Canada or a province decides it wants to "develop" something, often with a corporate partner. The project is announced and the company is issued licences. Later, some information is released to the public, usually about how much money and how many jobs will be created.
This is usually where Indigenous leaders hear about the project and say something like "we haven’t been consulted."
By this point, this gets construed by the public — conditioned to think the project is great — as though Indigenous nations are "standing in the way."
Meanwhile, Indigenous leaders are simply asking Canada to follow its own laws.
Usually, consultation is represented by hearings where elders, academics and citizens — who Canada has to "approve" to appear — say the project will negatively affect their "Aboriginal and treaty rights." Sometimes a report is released, sometimes not.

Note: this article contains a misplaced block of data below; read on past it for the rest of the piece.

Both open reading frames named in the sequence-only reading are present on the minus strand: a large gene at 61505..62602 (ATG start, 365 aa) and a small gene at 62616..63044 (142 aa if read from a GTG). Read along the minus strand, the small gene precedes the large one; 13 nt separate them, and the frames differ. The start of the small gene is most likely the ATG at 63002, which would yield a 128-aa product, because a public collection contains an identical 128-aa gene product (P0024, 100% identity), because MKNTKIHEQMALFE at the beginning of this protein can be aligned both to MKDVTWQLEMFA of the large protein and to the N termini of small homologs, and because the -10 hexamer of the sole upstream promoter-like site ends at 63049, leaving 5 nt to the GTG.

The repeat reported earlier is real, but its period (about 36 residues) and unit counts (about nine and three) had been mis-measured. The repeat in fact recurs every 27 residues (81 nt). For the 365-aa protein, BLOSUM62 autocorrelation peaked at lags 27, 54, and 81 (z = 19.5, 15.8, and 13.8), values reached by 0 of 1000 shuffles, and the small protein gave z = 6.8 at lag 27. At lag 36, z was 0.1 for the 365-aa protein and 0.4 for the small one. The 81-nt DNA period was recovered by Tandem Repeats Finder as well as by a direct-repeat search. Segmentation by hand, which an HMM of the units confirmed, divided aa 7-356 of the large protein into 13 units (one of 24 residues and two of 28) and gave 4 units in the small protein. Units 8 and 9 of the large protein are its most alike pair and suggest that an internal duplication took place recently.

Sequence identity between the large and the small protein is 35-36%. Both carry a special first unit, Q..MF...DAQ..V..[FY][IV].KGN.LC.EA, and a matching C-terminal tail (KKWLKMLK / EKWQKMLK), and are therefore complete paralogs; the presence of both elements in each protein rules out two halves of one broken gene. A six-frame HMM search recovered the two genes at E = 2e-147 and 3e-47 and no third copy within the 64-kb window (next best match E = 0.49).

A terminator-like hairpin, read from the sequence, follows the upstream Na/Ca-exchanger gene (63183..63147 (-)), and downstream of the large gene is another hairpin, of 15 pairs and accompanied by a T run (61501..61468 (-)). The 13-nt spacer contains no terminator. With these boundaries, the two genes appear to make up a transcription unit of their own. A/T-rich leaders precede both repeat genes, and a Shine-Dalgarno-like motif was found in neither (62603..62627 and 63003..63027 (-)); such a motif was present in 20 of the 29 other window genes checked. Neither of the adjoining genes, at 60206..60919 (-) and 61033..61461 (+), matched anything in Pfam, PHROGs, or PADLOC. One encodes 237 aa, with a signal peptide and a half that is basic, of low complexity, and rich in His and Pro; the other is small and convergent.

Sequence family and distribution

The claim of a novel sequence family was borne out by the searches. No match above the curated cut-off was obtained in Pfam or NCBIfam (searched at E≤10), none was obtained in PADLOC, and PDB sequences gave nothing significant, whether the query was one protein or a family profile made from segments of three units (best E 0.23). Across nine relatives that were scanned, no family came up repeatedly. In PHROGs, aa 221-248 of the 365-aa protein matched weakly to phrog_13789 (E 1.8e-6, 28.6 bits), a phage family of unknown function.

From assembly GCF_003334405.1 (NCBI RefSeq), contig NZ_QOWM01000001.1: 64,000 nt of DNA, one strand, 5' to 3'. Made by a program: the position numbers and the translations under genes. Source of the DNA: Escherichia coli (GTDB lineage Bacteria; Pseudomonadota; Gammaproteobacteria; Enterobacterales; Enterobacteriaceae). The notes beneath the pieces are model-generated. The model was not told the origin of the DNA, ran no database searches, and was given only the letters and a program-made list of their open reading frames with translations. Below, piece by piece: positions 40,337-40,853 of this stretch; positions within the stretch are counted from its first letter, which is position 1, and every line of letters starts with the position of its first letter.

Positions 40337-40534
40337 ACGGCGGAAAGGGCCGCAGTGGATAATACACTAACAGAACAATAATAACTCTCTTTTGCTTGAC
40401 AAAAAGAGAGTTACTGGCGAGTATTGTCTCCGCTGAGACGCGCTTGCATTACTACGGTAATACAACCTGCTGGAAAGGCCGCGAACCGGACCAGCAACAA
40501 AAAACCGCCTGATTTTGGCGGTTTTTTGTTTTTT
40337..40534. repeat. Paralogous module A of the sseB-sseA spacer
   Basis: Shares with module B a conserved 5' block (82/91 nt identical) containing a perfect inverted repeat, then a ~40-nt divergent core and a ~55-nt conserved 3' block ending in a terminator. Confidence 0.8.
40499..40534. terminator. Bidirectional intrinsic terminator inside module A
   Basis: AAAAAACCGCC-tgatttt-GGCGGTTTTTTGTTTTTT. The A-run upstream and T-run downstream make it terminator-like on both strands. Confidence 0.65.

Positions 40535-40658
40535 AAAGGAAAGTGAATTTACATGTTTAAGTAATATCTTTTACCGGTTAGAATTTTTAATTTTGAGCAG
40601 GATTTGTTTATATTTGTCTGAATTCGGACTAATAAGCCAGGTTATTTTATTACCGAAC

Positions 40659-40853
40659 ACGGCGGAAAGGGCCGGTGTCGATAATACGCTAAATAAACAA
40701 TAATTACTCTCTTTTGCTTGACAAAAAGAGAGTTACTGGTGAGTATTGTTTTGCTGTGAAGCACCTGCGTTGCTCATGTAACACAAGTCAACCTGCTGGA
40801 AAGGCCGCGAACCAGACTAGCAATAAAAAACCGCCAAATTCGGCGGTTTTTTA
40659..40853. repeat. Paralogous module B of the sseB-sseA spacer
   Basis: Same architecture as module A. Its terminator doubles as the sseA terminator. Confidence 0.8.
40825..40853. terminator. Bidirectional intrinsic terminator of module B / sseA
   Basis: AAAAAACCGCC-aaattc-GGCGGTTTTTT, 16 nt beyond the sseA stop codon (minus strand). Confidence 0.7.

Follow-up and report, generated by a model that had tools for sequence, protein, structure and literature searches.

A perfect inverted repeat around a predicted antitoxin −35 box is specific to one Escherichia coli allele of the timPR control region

Then, Canada approves the project.
Consultation is never about "no," it’s about how much governments have to accommodate in the form of money, jobs and whatever else.
Then, Indigenous activists organize. Protest. Terrible images are seen on TV involving police carrying away grandmothers. Then, the project is usually stopped.
Then, we are back where we started. How much time and money have been wasted?
Why doesn’t Canada involve Indigenous nations in the country’s plans from Day 1?
It’s too late for the Wanipigow project, but not too late to stop some nasty stuff from occurring, and repeating a cycle.
Niigaan Sinclair is Anishinaabe and is a columnist at the Winnipeg Free Press.